The Global Competition Law Center at the College of Europe and the UCL Center for Law, Economics and Society

organize on Wednesday, June 8, 2016 from 9:00 AM to 7:00 PM

a scholarship symposium dedicated to


Honoring the Scholarship of Eleanor M. Fox (NYU)


Eleanor Fox, Mario Monti, Harry First, Mor Bakhoum, Michal Gal, David Lewis, Frederic Jenny, Dennis Davis, Philip Marsden, Spencer Weber Waller, Allan Fels, Damien Neven, Diane Wood, Giuliano Amato, Donald Baker, Josef Drexl, Albert Foer, Maurice Stucke, Heike Schweitzer, Ariel Ezrachi, Simon Roberts, Daniel Sokol, Ian Forrester, Dan Crane, Giorgio Monti, Dan Rubinfeld, Edward Iacobucci, Damien Gerard and Ioannis Lianos

The tension between “equity” and “efficiency”, and a possible trade-off between these objectives, has been one of the major questions bedevilling economics and, more generally, political philosophy in liberal democracies, but also beyond. In particular, the equity versus efficiency trade-off debate has played a defining role in the transformation of the dominant paradigm governing competition law enforcement at least since the late 1970s due to the growing influence of economics and economists in competition law and policy discourse, and the internationalisation of antitrust. The debate remains crucial today as issues of inequality and its interaction with efficiency become of central concern to policy and decision-makers in competition law, as well as in other spheres of public policy. Yet, despite their central role in the grammar of competition law on the global plane, few scholars have explored the intellectual underpinnings of the interactions between “equity” and “efficiency” in the context of competition/antitrust law.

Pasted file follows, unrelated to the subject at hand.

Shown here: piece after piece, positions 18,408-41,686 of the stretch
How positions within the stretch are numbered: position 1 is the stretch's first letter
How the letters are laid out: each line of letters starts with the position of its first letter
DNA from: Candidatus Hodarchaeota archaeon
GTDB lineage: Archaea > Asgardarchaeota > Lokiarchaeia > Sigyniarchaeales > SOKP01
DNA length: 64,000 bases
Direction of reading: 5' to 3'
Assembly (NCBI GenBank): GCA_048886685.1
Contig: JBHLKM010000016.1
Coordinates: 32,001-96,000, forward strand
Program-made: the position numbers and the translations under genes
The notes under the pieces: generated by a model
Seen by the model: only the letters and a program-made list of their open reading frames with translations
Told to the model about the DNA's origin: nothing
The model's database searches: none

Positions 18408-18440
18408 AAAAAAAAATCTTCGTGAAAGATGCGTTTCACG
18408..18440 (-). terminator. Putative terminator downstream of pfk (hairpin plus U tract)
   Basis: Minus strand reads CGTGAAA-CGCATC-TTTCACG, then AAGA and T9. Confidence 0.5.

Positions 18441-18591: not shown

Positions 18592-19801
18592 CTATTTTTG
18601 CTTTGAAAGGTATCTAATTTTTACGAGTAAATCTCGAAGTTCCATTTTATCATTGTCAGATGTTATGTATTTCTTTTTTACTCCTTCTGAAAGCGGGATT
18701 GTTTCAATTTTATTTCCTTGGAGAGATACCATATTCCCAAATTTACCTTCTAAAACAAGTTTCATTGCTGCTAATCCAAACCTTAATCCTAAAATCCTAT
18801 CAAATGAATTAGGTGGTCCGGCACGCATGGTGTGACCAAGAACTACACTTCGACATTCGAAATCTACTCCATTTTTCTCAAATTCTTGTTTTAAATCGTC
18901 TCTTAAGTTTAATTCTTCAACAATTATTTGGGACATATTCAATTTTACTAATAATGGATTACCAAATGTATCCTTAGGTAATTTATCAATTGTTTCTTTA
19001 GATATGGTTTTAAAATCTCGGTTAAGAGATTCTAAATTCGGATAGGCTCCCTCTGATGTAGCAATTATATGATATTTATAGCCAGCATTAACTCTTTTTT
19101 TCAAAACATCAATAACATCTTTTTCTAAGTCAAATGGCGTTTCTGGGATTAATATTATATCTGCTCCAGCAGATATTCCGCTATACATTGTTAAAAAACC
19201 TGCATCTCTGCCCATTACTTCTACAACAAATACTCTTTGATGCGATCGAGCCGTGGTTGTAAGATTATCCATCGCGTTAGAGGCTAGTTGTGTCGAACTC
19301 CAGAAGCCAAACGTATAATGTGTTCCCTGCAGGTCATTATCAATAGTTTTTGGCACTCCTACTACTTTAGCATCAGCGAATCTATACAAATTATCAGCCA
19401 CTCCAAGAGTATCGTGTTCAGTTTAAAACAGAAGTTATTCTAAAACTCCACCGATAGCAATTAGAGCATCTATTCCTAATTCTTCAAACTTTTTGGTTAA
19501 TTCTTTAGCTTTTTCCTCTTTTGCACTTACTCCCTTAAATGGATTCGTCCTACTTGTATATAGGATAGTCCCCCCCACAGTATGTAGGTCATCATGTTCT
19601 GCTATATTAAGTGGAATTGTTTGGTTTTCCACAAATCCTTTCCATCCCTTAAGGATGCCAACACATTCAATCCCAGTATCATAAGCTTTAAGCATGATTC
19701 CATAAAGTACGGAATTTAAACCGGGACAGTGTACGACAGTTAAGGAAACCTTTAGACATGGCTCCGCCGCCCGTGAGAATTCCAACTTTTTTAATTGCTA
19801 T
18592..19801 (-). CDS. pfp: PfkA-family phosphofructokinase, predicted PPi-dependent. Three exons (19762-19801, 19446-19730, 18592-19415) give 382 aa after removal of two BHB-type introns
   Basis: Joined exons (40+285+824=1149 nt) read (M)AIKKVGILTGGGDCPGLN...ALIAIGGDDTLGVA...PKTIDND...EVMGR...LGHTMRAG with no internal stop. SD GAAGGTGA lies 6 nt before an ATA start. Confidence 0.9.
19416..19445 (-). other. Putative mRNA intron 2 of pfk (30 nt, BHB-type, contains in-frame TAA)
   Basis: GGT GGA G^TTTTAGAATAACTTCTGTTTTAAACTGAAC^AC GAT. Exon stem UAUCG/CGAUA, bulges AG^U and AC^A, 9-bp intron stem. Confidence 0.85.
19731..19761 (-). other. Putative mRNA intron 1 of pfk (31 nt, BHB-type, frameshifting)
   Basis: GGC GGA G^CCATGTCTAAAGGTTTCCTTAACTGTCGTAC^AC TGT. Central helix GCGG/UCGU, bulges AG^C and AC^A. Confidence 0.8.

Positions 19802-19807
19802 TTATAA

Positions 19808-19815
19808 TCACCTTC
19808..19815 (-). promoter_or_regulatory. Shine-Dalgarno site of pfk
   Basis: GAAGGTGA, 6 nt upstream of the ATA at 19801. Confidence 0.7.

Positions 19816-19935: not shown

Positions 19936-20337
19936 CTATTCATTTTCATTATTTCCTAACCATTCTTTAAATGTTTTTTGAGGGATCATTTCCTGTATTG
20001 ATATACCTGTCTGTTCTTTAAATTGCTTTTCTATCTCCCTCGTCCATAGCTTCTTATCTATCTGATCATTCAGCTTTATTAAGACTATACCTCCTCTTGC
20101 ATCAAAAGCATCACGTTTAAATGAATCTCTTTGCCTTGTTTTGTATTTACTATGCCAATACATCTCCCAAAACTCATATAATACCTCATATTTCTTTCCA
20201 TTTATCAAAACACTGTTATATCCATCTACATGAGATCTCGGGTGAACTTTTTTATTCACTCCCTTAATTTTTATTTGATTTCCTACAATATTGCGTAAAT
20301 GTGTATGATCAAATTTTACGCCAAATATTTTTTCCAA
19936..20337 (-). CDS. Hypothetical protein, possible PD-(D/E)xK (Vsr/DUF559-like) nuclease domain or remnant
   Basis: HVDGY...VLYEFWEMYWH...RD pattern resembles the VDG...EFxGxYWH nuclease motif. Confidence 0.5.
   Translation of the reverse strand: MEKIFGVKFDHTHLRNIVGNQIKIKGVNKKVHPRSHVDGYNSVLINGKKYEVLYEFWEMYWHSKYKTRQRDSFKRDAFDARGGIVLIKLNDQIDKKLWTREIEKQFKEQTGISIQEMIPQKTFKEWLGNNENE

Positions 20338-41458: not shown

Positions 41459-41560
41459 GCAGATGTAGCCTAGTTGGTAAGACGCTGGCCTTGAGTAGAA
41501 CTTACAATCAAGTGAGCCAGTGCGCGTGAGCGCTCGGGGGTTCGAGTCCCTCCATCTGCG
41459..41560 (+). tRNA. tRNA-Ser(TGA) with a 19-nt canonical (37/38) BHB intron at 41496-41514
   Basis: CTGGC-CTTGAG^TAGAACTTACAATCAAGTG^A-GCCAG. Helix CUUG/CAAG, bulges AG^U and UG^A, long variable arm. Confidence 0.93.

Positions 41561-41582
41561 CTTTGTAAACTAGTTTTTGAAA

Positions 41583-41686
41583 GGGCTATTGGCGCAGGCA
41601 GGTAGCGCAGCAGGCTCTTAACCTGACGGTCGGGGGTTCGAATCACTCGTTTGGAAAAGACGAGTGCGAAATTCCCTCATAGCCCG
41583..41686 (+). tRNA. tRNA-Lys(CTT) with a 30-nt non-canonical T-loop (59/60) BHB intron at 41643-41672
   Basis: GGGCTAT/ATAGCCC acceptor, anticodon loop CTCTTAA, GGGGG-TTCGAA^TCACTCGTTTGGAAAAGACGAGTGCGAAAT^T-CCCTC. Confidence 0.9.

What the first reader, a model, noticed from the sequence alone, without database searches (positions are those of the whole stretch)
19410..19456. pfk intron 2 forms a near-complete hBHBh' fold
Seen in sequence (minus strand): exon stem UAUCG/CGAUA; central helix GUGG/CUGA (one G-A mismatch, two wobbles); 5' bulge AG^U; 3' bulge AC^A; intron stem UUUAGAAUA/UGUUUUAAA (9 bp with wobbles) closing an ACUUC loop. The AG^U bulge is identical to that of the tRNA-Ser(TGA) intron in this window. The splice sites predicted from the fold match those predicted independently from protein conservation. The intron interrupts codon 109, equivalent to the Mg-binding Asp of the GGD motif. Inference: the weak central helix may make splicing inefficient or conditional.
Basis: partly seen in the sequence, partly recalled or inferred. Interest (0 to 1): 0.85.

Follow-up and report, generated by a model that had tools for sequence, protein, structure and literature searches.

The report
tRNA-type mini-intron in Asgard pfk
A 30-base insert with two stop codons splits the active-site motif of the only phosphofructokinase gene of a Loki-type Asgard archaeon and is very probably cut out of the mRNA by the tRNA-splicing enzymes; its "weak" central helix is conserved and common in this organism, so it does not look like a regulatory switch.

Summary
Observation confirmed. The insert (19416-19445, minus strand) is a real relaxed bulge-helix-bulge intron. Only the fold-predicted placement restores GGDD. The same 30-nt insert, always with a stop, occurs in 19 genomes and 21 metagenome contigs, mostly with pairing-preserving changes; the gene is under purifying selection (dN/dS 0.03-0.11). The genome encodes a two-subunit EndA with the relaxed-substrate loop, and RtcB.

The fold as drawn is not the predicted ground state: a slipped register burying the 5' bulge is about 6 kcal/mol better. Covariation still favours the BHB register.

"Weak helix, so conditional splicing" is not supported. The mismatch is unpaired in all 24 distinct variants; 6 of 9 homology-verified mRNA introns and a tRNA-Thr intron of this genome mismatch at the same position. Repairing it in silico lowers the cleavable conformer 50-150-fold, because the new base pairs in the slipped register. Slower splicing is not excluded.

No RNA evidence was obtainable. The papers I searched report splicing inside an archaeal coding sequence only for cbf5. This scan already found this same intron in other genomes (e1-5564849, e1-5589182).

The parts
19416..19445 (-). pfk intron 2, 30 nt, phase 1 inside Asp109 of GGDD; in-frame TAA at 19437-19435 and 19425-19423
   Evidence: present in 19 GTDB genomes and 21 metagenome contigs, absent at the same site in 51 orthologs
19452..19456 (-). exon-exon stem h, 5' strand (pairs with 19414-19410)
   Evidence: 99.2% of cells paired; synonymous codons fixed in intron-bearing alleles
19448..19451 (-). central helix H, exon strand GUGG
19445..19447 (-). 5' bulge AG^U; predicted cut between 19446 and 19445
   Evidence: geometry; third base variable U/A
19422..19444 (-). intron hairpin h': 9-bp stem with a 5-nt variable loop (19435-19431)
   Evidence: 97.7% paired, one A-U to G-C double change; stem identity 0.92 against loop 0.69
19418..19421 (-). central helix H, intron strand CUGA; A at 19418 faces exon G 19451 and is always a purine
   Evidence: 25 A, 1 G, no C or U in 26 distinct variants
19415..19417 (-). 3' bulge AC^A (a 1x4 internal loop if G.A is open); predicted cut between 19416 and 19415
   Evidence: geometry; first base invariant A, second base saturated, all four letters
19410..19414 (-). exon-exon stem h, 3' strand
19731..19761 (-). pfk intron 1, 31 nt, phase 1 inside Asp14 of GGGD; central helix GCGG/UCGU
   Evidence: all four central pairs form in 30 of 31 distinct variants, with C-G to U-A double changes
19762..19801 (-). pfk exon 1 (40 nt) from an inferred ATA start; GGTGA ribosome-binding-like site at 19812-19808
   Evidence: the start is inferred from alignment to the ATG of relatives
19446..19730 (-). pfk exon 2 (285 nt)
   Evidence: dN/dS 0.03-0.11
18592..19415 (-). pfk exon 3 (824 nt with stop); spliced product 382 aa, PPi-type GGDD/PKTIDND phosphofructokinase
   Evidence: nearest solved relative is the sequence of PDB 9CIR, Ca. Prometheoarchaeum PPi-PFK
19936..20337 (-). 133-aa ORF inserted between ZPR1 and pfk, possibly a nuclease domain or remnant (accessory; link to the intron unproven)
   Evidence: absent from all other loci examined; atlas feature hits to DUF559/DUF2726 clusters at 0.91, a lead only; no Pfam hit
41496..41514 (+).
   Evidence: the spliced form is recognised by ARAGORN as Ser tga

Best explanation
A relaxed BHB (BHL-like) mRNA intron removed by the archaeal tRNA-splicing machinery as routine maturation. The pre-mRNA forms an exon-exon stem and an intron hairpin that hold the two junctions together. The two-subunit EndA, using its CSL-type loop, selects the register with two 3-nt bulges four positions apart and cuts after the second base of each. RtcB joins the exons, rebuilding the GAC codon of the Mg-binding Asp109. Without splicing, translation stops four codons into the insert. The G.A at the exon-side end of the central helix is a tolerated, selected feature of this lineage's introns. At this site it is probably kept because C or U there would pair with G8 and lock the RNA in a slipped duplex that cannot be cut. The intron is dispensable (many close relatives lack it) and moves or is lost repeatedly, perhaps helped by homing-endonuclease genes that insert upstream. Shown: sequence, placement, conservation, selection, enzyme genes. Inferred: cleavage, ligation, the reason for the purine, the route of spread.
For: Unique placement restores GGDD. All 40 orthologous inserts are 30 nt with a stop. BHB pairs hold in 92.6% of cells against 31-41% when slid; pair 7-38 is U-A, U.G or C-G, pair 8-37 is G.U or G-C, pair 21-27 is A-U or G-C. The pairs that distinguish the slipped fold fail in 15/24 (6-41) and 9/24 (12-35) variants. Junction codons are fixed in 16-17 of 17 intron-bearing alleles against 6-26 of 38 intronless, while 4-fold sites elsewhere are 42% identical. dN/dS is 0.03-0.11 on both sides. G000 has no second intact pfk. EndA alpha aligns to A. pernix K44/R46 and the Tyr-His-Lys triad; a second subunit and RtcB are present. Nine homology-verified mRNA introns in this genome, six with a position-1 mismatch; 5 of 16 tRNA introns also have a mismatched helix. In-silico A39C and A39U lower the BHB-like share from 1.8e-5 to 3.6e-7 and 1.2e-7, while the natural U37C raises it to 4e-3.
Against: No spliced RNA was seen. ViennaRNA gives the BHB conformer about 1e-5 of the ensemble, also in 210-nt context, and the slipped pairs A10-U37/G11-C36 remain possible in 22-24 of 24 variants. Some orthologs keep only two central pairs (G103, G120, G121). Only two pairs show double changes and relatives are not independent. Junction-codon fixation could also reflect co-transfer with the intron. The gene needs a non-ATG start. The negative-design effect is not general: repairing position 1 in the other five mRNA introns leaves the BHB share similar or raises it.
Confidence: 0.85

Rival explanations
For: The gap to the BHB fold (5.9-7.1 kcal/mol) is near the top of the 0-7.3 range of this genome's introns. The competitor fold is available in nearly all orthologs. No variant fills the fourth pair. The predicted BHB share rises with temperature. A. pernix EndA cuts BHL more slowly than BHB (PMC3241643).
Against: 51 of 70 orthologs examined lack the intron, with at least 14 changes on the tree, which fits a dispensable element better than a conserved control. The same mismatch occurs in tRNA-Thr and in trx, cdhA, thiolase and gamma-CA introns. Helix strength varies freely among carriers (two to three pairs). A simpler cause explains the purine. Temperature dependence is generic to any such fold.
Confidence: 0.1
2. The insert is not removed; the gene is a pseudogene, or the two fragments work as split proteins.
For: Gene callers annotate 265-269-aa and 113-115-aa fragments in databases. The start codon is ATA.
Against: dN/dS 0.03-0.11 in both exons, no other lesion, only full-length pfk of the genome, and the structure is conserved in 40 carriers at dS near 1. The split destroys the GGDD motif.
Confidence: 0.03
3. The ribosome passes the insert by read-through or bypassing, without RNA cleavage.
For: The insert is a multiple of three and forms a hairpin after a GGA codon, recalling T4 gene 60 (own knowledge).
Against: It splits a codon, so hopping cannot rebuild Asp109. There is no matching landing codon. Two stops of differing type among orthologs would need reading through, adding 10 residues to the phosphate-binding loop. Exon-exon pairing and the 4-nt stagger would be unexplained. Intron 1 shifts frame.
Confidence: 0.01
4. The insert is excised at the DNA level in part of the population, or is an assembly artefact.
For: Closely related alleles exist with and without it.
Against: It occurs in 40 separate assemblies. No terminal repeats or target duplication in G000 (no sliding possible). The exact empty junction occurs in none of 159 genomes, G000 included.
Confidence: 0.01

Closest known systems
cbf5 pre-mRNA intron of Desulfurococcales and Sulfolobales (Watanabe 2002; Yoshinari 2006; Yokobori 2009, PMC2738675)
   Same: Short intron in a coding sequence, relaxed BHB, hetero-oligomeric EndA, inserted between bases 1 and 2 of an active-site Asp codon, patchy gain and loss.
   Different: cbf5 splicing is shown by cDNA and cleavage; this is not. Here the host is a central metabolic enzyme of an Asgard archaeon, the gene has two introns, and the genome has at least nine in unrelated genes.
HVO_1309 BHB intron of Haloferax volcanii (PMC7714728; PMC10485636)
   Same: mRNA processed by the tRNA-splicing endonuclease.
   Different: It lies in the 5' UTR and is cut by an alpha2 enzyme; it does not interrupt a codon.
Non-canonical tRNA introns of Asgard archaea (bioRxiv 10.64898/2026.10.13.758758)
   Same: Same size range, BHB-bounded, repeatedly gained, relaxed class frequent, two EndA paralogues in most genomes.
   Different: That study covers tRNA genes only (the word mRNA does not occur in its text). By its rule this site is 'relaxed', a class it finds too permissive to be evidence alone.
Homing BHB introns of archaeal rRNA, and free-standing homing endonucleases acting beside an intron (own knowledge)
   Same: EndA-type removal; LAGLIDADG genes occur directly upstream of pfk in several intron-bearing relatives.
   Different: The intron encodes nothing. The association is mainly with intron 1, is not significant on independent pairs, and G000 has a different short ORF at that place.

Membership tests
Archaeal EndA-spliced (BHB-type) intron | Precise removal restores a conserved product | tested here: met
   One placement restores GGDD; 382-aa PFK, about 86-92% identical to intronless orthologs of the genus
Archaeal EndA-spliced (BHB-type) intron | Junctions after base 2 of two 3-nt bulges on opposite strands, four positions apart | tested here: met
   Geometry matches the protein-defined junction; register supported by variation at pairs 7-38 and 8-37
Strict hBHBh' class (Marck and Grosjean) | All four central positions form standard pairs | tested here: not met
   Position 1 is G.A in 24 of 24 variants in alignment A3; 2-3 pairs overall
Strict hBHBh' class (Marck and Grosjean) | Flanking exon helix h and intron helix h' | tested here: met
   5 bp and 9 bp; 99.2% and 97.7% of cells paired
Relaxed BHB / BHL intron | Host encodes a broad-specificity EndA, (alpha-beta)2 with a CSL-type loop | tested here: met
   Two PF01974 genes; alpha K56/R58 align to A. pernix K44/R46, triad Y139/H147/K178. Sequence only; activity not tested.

Eleanor Fox constitutes one of the exceptions, as, during her long and illustrious academic career, she has been the author of a body of work directly engaging with the conceptualization of the relationship between “efficiency” and “equity”, drawing lessons for U.S antitrust law, EU competition law and the competition law systems of emergent and developing countries. Furthermore, Fox has written on and influenced various transformations in competition policy since the 1980’s, in the US and worldwide. Her scholarship is characterized by a willingness to uncover the diversity of approaches underlying antitrust enforcement, to deny the superiority of any single paradigm and to bridge differences in order to foster understanding. In a world where antitrust enforcement has become truly global, antitrust standards have turned into the prevalent form of business regulation and antitrust enforcement has to cope with fast-paced innovation, Professor Fox’s scholarship appears distinctively compelling. In addition, because of her intellectual openness and collegial work ethic, Eleanor Fox has become a mentor for a generation of younger scholars spread around the world, who strive to emulate her concern to account for the complexity of the forces at play in the field of antitrust as a mirror of social tensions, traditions and evolutions.


Location: Bibliothèque Solvay
137 Rue Belliard (Parc Leopold)
1040 Brussels

For attending this event, please register HERE.


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